MSK US is an easy, inexpensive, noninvasive method of imaging the carpal tunnel and helping to preoperatively determine anatomical deviations that can impact surgical outcomes. It is significantly more affordable than other imaging modalities such as magnetic resonance imaging and can be done in-office. Dynamic testing can identify such anatomic abnormalities by having patients flex and extend the digits while imaging the carpal tunnel with ultrasound. In our case series, all the patients demonstrated protrusion into the carpal tunnel of the index flexor muscle bellies upon full extension of the index finger and recession of the muscle belly out of the carpal tunnel space with full digit flexion. Thus, the usefulness of routinely incorporating MSK US in diagnosing CTS and assessing carpal tunnel anatomy to aid in both steroid injections and surgical planning cannot be overemphasized. Such dynamic testing may identify patients who are at risk for suboptimal surgical outcomes with routine release procedures. If the relatively low cost of US remains prohibitive, an option would also be to perform ultrasound only on patients with recurrent CTS to detect if this anatomic variation is present and may be responsible for recurrence of symptoms. Performing US on a narrower patient population will thus increase the possible cost effectiveness of this test. If extension of FDS muscle into the carpal tunnel is encountered intraoperatively, a potential surgical solution would be careful debulking in addition to transecting the transverse carpal ligament.
In summary, we presented a case series of three females presenting with ultrasound-proven distal extension of the flexor digitorum muscle bellies into the carpal tunnel and clinical and electromyographic evidence of recurrent CTS after an initial symptom-free period. The importance of this case series lies not only in its uniqueness but also in suggesting the role of distal extension of normal flexor digitorum muscle bellies into the carpal tunnel as a potential causative factor for recurrent CTS and the usefulness of MSK US in both diagnosing this unusual condition and subsequently aiding in the selection of the most optimal therapeutic approach. We acknowledge that one shortcoming of the study is that in each of the cases, the CTR procedure preceded the identification of the anatomic abnormality visualized on ultrasound imaging and therefore intraoperative photographs were unavailable. We would not expect, however, that the additional information of intraoperative photographs would provide discordant information given the reliability of ultrasound imaging. Future studies can focus on identifying such anatomic variations preoperatively and comparing the outcomes of those undergoing routine CTR with those in whom muscle debulking is also performed.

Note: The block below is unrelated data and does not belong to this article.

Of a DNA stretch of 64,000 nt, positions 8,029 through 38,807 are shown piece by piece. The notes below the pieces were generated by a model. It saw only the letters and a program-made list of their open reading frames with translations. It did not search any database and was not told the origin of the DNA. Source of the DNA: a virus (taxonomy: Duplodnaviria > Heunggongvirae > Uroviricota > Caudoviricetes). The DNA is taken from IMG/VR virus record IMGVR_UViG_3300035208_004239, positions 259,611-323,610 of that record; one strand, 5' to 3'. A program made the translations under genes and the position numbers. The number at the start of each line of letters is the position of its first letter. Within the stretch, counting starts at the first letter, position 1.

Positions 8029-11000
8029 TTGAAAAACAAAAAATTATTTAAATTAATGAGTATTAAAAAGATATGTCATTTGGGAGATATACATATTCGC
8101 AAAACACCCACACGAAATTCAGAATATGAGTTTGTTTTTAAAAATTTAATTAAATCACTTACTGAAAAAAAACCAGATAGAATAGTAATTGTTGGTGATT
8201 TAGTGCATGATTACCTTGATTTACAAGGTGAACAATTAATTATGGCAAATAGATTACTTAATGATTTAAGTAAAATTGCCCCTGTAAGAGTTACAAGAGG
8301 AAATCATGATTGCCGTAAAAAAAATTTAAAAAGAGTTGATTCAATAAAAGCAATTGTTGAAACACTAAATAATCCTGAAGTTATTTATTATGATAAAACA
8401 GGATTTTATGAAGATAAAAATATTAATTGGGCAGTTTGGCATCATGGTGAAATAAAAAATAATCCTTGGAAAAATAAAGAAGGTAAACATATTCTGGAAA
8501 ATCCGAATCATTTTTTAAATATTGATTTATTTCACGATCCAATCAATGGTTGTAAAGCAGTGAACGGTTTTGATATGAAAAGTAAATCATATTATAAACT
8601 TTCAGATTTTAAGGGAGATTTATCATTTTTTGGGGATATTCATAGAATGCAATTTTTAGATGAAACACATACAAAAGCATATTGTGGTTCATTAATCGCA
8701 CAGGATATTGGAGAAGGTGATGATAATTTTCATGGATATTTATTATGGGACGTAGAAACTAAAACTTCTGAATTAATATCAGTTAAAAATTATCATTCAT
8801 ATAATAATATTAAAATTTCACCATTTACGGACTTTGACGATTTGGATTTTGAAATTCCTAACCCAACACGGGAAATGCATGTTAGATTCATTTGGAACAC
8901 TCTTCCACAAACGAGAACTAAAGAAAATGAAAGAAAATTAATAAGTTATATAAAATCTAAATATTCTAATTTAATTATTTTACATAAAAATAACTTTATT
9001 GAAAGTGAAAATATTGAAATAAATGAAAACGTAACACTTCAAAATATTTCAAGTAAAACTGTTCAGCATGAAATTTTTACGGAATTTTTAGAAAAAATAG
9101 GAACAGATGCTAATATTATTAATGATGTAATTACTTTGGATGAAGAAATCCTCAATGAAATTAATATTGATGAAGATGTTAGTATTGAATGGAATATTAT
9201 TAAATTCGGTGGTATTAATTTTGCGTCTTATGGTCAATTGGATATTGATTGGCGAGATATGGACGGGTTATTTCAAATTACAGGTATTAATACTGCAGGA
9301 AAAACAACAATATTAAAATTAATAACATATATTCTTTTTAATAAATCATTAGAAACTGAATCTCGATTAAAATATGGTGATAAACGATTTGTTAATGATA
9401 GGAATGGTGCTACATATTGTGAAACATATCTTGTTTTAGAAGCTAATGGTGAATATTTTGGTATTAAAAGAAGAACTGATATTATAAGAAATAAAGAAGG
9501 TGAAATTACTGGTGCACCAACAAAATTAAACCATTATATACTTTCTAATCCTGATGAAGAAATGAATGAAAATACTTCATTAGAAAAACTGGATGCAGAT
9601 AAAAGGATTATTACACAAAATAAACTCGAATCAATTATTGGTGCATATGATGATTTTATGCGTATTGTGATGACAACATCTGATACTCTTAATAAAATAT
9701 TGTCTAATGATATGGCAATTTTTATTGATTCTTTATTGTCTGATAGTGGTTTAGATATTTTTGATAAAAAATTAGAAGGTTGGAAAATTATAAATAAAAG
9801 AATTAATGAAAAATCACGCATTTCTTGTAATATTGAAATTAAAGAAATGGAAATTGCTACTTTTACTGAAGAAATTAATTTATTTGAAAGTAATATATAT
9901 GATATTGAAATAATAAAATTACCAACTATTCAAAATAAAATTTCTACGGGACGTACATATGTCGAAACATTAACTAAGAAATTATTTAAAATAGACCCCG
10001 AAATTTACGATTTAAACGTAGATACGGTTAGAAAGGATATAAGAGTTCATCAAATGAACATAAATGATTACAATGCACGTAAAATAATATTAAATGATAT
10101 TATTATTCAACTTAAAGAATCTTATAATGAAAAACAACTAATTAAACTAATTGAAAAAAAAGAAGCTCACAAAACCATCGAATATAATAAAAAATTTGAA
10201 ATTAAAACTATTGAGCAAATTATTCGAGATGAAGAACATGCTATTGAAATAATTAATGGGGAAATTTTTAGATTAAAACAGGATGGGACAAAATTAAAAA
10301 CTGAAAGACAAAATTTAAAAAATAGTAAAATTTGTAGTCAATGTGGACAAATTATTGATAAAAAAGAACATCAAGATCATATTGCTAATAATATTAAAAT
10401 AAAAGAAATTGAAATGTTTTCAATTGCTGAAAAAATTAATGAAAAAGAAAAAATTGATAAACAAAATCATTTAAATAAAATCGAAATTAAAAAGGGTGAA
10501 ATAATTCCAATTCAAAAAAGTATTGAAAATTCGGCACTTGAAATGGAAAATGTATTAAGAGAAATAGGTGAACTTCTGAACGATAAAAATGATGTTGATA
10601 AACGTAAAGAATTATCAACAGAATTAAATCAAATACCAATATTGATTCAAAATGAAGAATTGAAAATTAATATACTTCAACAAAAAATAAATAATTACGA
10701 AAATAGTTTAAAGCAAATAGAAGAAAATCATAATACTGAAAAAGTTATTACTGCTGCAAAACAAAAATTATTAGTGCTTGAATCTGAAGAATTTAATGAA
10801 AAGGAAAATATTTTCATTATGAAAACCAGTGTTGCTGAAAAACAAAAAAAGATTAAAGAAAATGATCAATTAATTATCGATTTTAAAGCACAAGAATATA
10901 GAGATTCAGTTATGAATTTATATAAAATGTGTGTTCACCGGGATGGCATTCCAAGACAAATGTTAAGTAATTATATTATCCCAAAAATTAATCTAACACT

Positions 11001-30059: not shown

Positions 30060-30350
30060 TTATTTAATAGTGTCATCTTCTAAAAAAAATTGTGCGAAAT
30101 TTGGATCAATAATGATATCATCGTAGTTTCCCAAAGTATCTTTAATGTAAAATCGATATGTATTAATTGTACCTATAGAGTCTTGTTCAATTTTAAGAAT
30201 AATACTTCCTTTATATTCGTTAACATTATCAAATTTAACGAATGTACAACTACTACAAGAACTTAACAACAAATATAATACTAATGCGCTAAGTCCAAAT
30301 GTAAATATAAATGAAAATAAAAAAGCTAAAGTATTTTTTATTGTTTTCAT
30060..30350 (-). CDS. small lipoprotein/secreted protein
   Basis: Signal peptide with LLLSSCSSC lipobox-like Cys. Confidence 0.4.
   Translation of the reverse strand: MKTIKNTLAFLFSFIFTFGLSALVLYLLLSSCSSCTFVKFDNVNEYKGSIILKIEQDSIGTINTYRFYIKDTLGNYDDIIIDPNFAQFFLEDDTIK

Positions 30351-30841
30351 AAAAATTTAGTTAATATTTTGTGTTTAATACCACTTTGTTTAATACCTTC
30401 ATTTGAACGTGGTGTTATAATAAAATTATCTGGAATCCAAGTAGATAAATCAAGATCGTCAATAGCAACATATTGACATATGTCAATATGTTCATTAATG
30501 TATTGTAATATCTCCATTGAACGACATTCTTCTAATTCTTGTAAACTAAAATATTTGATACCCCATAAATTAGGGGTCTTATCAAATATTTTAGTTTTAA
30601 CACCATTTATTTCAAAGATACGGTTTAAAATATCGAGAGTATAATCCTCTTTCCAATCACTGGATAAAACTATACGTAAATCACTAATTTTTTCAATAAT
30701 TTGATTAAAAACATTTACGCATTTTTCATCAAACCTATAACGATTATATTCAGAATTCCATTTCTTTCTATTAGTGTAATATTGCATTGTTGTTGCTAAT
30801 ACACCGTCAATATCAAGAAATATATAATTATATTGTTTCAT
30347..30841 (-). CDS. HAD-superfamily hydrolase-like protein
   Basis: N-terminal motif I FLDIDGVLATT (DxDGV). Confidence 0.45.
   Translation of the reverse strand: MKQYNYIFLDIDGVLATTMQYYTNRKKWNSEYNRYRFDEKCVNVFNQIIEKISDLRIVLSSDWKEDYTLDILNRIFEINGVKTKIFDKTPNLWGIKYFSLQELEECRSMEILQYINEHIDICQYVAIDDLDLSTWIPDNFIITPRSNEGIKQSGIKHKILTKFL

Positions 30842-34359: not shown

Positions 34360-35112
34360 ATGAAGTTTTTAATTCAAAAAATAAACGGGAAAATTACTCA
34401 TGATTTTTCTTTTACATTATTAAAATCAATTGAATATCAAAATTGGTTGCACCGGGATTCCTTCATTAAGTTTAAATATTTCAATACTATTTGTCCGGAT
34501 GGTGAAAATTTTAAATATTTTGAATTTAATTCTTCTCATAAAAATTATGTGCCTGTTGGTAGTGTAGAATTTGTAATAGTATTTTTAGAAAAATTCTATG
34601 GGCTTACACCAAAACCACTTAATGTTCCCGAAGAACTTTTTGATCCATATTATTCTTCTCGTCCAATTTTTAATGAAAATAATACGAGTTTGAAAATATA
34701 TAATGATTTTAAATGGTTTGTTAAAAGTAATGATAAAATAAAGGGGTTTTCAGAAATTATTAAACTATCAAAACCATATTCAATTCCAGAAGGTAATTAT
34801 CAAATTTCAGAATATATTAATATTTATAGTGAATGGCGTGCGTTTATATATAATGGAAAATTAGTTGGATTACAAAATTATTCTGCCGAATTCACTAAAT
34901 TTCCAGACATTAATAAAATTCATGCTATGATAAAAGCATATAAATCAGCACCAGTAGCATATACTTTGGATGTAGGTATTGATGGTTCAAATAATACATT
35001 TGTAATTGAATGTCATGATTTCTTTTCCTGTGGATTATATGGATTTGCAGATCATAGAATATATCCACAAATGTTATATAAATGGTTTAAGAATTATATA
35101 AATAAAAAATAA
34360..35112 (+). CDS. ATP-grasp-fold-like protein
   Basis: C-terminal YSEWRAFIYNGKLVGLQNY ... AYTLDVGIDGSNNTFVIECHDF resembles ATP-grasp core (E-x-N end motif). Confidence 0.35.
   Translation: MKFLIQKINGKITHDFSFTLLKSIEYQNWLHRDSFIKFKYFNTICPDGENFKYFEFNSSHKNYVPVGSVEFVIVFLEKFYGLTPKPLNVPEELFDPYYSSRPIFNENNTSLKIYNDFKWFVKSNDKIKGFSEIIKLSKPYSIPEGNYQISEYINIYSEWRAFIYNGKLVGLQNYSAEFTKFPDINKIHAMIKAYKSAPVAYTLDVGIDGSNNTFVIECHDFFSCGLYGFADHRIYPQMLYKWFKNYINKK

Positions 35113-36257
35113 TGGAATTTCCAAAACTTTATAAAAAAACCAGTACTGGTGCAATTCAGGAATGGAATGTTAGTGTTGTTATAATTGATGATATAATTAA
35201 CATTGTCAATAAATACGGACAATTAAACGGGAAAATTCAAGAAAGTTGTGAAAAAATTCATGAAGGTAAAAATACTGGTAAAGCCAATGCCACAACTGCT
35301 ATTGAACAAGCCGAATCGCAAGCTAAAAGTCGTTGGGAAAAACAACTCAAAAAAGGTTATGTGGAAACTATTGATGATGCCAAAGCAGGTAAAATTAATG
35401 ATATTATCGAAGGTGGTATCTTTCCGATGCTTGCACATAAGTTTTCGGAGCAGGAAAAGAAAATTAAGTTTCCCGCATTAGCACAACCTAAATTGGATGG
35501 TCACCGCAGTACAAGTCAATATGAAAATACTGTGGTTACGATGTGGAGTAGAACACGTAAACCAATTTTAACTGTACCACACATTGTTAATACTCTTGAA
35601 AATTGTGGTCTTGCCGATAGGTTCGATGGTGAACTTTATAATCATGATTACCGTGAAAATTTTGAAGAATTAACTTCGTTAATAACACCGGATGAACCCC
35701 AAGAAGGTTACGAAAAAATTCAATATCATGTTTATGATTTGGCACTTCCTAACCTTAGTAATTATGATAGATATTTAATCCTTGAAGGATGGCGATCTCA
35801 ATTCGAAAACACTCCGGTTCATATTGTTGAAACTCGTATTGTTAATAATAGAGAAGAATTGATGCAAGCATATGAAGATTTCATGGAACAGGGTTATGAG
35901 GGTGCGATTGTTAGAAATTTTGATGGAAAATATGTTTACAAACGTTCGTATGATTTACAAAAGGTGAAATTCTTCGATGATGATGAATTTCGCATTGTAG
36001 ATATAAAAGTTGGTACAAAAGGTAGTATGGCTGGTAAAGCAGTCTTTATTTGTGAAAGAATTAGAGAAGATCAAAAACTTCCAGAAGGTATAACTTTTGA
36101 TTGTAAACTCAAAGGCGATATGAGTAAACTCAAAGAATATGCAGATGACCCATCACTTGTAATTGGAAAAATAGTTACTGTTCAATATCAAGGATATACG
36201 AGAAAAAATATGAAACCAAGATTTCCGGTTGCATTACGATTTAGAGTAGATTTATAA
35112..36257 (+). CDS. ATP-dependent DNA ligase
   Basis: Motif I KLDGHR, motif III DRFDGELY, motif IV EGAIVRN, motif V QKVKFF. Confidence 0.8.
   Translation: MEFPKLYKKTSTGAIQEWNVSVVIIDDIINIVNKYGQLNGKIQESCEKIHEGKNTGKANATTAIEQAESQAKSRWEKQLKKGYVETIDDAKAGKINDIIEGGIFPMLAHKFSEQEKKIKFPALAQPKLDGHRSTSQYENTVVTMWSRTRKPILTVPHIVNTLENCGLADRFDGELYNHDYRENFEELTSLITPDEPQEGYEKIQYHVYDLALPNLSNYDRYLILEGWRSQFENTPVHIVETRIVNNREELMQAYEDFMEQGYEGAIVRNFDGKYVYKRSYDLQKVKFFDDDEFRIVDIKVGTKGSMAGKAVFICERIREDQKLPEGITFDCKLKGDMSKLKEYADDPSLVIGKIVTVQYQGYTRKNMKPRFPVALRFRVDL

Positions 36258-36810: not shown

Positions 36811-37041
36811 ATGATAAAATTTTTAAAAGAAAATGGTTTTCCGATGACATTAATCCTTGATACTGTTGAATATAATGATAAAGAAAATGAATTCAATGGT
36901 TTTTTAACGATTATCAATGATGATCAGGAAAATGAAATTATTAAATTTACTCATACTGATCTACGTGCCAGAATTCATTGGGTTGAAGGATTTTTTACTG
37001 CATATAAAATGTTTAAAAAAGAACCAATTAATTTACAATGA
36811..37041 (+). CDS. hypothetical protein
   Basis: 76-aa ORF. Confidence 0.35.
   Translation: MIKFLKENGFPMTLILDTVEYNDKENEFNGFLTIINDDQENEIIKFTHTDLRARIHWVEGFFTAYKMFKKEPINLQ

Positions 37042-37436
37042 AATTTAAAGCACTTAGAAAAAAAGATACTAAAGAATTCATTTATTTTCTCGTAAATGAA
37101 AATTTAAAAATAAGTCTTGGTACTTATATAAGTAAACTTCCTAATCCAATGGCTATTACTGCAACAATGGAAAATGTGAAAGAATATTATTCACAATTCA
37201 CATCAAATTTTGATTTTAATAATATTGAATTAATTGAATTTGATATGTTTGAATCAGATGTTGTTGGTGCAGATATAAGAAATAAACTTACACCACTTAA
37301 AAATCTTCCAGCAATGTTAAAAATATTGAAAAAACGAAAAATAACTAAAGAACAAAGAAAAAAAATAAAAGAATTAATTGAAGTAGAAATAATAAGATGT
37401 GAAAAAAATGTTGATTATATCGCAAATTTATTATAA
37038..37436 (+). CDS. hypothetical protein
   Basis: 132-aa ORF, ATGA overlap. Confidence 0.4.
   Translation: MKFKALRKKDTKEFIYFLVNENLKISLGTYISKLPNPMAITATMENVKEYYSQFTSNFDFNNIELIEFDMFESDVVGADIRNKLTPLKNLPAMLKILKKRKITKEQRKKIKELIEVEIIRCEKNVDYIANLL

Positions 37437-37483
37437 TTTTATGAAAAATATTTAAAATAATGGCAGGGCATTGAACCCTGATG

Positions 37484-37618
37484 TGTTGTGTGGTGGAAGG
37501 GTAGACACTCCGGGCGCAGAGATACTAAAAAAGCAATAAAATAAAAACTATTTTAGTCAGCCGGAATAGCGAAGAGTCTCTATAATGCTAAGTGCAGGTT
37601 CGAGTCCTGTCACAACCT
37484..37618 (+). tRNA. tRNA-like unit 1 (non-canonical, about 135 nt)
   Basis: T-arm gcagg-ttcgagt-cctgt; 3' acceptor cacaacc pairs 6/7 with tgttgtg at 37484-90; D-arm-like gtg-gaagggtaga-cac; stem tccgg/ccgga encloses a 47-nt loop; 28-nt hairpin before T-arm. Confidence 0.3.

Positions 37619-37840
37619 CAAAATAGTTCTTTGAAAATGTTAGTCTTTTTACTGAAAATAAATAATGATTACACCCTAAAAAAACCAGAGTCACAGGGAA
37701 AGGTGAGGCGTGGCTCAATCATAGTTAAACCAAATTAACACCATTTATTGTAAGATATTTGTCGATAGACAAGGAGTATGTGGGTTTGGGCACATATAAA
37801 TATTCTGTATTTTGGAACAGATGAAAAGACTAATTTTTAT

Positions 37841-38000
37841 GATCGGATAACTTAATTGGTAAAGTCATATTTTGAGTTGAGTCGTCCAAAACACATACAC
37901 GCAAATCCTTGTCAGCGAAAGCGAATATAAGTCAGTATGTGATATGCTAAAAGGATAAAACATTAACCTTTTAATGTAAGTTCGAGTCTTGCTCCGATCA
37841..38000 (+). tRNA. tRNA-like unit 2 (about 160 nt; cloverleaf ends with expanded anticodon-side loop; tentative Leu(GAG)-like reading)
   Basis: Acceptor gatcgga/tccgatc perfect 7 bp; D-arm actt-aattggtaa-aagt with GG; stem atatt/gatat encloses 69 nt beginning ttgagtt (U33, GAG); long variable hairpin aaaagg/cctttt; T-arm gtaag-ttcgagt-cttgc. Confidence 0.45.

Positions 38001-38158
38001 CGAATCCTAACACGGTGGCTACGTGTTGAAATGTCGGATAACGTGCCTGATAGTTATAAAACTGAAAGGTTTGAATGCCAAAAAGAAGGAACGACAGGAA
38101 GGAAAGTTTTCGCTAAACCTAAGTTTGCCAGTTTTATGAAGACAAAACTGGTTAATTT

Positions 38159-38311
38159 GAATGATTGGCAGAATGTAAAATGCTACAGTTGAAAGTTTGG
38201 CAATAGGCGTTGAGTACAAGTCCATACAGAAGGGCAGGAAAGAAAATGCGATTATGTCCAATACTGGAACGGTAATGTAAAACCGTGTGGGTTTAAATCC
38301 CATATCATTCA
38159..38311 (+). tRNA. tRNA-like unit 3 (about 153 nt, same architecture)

CONFLICTS OF INTEREST

No potential conflict of interest relevant to this article was reported.

Notes

Patient consent

The patients provided consent for the performance of ultrasonography and had no objections to the use of the ultrasound images for purely academic purposes. All identifying information was omitted and complete anonymity of the subjects was maintained in the writing of this manuscript.

Fig. 1.

A carpal tunnel following standard surgical release

Illustration of a carpal tunnel following standard surgical release in normal patients (A) and in patients with aberrant distal extension of a flexor digitorum muscle belly into the carpal tunnel (B), which can result in crowding of the carpal tunnel and recurrence of symptoms of carpal tunnel syndrome.
aps-2017-00724f1.tif
Fig. 2.

Musculoskeletal ultrasound: case 1

Musculoskeletal ultrasound of the carpal tunnel at the wrist of a Hispanic female 1 month after carpal tunnel release. The second flexor muscle belly (arrow) can be clearly seen protruding through the carpal tunnel in proximity to the median nerve (asterisk). (A) Longitudinal view, (B) transverse view.
aps-2017-00724f2.tif
Fig. 3.

Musculoskeletal ultrasound: case 2

Musculoskeletal ultrasound of the carpal tunnel at the wrist of a Caucasian female 6 years post-carpal tunnel release showing protrusion of second flexor muscle belly (arrow) into the carpal tunnel in proximity to the median nerve (asterisk). (A) Longitudinal view, (B) transverse view.
aps-2017-00724f3.tif
Fig. 4.

Musculoskeletal ultrasound: case 3

Musculoskeletal ultrasound of the carpal tunnel at the wrist of an African-American female 20 years after carpal tunnel release depicting extension of the second flexor muscle belly (arrow) into the tunnel in proximity to the median nerve (asterisk). (A) Longitudinal view, (B) transverse view.
aps-2017-00724f4.tif